A: The Department of Health and Human Services and the Department of Defense have partnered on an initiative called Operation Warp Speed. The idea is to produce more than 300 million doses of COVID-19 vaccines that are safe and effective. Availability will be based on the final results of the Phase 3 trials. According to timeline estimates by federal sources, the hope is that the results of the trials will be complete towards the end of 2020 and the first doses will be administered sometime this January and more than two billion doses by the end of 2021. More than 150 COVID-19 vaccines are currently being worked on all over the world by companies like Johnson & Johnson, Pfizer, Moderna and Astra Zeneca. According to the New York Times, as of Nov. 4, 50 vaccines are currently in clinical trials on humans and 87 preclinical vaccines are under investigation in animals.
Q: How will we know if a vaccine is safe and effective?
A: Before a vaccine is distributed widely to the public, it is tested in pre-clinical and clinical trials. The information is used to determine whether the vaccine is safe to test on humans. This will normally start out with small groups, as few as 20 people, but will eventually be tested in tens of thousands of people. These clinical trials determine the vaccine safety, what the dosage should be, and how one’s immune system will react to it. Throughout this process, the FDA works closely with the company to make sure the vaccine is safe and effective. In other words, the vaccine is put through a rigorous evaluation by many scientists before it is widely distributed. That being said, the speed at which a vaccine is being accelerated to curb the COVID-19 pandemic should not worry the public. The FDA will closely evaluate these vaccines and will not rush one to market if they do not feel it is safe to do so.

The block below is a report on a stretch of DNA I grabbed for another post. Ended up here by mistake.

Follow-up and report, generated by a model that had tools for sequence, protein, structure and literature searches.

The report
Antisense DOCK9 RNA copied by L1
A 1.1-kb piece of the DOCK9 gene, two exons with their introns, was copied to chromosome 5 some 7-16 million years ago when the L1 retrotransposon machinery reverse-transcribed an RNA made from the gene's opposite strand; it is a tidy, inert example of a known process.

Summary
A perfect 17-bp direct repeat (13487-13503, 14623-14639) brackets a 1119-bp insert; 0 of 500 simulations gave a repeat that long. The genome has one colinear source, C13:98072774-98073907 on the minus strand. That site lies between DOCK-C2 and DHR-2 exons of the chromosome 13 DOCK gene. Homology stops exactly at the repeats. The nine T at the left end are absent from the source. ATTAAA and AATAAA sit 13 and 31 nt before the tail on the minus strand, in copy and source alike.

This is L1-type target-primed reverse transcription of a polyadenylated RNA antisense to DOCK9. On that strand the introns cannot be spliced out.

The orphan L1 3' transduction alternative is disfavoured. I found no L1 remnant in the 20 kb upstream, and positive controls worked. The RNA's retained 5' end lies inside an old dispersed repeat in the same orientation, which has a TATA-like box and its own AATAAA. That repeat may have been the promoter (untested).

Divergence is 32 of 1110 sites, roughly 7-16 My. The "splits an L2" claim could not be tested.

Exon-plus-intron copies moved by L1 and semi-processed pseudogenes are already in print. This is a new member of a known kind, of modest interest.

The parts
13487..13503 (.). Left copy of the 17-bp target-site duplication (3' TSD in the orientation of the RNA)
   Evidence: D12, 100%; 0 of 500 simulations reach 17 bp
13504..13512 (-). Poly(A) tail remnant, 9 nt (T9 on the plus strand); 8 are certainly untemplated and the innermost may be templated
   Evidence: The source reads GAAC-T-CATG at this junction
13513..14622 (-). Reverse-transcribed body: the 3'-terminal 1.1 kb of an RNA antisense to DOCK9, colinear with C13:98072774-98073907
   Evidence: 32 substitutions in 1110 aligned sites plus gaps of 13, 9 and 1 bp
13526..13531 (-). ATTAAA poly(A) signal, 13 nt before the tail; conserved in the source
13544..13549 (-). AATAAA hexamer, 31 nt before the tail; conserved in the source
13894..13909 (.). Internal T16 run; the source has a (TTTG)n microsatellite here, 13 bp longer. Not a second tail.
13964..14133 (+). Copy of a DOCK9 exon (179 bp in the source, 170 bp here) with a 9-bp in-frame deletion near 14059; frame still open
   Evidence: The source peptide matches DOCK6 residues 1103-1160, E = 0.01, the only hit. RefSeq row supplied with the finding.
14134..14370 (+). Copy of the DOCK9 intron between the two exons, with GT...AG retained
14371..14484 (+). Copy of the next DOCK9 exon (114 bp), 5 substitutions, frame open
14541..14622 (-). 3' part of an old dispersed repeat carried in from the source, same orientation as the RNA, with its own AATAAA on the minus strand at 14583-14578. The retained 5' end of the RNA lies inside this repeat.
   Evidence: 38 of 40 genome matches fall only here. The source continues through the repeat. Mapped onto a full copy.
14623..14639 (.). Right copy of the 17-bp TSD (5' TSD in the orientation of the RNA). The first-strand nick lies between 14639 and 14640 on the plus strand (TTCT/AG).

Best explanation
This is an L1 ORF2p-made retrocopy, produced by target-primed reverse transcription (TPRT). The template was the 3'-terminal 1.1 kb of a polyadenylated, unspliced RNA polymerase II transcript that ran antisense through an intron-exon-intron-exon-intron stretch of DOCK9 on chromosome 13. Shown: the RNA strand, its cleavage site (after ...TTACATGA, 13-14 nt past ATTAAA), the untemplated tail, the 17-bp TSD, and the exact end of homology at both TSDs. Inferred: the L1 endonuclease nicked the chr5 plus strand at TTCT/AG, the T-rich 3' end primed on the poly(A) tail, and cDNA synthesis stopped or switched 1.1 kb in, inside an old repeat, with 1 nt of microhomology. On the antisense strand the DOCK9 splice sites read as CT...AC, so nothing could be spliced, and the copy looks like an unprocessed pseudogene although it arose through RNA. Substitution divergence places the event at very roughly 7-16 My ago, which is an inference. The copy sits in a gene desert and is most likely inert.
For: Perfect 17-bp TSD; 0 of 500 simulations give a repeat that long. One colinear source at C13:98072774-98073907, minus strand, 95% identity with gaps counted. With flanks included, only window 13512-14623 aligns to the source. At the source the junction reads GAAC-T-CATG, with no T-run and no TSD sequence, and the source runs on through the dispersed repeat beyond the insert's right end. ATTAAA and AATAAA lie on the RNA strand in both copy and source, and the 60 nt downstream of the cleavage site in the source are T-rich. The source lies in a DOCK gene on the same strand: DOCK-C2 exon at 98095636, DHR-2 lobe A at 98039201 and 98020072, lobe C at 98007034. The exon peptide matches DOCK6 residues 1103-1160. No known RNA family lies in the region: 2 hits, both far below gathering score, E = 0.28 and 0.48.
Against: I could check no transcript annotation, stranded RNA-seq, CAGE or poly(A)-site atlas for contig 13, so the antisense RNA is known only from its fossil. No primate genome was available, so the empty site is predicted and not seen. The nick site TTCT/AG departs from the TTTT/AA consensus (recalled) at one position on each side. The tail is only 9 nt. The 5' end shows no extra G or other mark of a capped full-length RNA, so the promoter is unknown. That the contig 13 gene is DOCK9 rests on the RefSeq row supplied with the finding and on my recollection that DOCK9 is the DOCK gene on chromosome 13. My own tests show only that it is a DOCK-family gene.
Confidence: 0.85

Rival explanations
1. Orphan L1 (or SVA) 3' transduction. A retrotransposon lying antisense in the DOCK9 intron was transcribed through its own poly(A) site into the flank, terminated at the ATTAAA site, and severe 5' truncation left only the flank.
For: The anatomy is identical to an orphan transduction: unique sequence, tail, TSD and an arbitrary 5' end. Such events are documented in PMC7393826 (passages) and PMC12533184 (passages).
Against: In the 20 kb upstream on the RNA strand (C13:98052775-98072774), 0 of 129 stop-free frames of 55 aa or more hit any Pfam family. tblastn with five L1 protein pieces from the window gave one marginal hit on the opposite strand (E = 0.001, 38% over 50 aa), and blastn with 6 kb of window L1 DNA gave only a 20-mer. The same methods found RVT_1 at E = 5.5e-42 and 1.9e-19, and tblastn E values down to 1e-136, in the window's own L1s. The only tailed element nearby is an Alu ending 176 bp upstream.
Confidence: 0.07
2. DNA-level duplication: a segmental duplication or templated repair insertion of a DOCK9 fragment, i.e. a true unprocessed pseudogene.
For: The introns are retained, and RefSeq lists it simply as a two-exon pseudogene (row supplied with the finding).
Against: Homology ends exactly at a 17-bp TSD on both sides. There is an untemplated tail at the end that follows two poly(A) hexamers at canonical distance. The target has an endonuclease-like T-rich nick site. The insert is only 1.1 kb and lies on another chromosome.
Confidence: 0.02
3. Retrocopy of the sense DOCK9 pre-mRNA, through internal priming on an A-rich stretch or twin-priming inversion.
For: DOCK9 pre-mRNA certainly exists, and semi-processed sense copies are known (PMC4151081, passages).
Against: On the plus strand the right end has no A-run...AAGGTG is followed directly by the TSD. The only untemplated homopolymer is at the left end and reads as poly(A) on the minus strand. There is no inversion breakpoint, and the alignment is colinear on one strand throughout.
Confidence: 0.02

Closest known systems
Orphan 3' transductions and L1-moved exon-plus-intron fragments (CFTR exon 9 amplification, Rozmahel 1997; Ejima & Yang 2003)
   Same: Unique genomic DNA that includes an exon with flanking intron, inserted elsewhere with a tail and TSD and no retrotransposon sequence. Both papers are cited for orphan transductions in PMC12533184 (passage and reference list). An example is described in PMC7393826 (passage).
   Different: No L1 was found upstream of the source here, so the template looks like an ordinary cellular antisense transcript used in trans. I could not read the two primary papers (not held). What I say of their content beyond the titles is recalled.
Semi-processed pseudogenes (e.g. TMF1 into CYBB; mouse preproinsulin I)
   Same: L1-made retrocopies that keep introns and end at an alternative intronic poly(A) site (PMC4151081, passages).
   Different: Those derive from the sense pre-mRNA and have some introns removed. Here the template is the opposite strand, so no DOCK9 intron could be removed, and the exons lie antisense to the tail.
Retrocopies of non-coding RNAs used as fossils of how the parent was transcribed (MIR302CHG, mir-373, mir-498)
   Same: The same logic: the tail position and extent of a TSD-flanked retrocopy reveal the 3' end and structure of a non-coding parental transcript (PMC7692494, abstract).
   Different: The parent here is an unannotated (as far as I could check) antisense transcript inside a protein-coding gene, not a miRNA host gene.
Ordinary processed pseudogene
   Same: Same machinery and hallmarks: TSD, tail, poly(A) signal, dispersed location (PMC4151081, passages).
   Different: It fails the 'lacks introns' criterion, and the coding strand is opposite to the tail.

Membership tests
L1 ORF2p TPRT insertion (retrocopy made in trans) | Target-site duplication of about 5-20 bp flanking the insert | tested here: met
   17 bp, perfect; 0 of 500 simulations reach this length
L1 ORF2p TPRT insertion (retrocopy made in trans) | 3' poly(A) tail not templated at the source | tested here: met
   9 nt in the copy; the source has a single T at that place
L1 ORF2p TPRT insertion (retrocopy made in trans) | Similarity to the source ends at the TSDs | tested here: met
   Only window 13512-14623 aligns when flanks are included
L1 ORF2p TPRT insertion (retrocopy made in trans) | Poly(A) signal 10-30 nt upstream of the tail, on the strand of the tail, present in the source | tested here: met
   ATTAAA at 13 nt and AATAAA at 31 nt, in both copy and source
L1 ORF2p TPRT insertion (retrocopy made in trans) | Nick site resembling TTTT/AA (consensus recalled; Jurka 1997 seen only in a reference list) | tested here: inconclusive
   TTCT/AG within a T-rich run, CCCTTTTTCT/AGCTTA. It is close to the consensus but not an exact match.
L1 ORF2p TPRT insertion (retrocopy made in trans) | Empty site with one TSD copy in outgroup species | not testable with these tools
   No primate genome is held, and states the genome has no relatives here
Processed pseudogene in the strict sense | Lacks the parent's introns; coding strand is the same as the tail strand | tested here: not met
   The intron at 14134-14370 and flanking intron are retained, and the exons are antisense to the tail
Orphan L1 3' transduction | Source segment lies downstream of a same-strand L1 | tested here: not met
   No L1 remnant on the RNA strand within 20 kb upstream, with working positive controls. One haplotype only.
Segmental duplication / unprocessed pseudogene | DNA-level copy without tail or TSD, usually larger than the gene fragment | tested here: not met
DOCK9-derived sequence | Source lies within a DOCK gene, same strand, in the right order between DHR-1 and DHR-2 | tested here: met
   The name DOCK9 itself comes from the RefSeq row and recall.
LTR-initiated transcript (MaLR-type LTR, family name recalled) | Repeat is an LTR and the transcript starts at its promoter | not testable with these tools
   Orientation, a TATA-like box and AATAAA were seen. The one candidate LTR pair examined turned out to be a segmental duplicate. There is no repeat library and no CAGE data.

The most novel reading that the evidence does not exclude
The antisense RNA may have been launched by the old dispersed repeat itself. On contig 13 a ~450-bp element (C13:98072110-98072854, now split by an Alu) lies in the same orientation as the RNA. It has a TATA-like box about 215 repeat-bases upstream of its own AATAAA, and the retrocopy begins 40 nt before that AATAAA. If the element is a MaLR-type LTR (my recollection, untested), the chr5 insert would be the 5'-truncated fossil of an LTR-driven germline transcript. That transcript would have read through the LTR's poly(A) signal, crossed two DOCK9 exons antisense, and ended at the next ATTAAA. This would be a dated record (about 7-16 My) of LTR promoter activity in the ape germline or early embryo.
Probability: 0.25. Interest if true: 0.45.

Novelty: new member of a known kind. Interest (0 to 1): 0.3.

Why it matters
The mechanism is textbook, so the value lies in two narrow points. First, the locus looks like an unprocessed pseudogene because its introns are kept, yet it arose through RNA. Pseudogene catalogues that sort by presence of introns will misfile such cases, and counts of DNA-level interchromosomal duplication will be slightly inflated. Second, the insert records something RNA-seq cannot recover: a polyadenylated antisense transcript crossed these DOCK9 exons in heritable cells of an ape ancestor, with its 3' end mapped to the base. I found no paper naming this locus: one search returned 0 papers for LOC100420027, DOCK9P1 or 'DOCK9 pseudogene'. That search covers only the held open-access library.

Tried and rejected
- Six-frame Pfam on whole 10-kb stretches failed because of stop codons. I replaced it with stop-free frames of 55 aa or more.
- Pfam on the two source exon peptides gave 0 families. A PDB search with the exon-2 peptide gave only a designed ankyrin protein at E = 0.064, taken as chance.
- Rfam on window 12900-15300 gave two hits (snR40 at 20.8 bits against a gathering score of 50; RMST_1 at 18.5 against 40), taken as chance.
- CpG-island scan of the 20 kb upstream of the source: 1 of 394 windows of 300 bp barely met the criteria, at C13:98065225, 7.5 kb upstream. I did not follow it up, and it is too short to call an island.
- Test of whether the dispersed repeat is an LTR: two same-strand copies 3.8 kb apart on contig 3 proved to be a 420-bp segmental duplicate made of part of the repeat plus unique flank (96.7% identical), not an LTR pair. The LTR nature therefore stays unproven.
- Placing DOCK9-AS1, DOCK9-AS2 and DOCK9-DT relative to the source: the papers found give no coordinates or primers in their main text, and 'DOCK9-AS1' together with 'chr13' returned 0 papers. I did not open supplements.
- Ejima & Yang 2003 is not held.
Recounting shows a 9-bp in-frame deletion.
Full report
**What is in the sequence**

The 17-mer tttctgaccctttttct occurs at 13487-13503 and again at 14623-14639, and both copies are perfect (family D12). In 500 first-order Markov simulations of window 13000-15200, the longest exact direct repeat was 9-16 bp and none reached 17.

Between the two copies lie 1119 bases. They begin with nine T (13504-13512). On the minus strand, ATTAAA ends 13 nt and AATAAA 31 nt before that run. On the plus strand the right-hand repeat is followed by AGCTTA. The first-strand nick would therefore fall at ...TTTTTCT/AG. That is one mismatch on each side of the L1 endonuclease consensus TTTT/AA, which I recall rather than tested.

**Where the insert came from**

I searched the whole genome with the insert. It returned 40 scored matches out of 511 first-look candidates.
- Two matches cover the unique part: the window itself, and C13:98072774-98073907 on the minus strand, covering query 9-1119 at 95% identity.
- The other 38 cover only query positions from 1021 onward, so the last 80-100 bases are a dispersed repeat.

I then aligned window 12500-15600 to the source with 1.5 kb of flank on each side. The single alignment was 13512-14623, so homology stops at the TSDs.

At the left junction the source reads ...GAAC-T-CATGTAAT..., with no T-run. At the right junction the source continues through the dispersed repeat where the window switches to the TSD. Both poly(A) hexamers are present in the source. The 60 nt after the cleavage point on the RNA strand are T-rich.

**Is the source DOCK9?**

Q: How do vaccines and herd immunity work together?
A: As we have all experienced during the COVID-19 pandemic, a virus can spread very quickly throughout a community infecting many people. However, if enough people get vaccinated, germs cannot spread from person to person as quickly and the vast majority of people will not get sick. This is what is known as herd immunity. Herd immunity protects everyone, especially those people who cannot receive a vaccine for one reason or another, those who do not have a strong immune response to vaccines, and those with serious allergies or weakened immune systems.
Q: Any myth busters about vaccines in general?
A: Many myths surround vaccines, and there are many people who simply don’t believe in vaccines. Here we bust some of the most common myths:
- I can get the flu from getting the flu shot.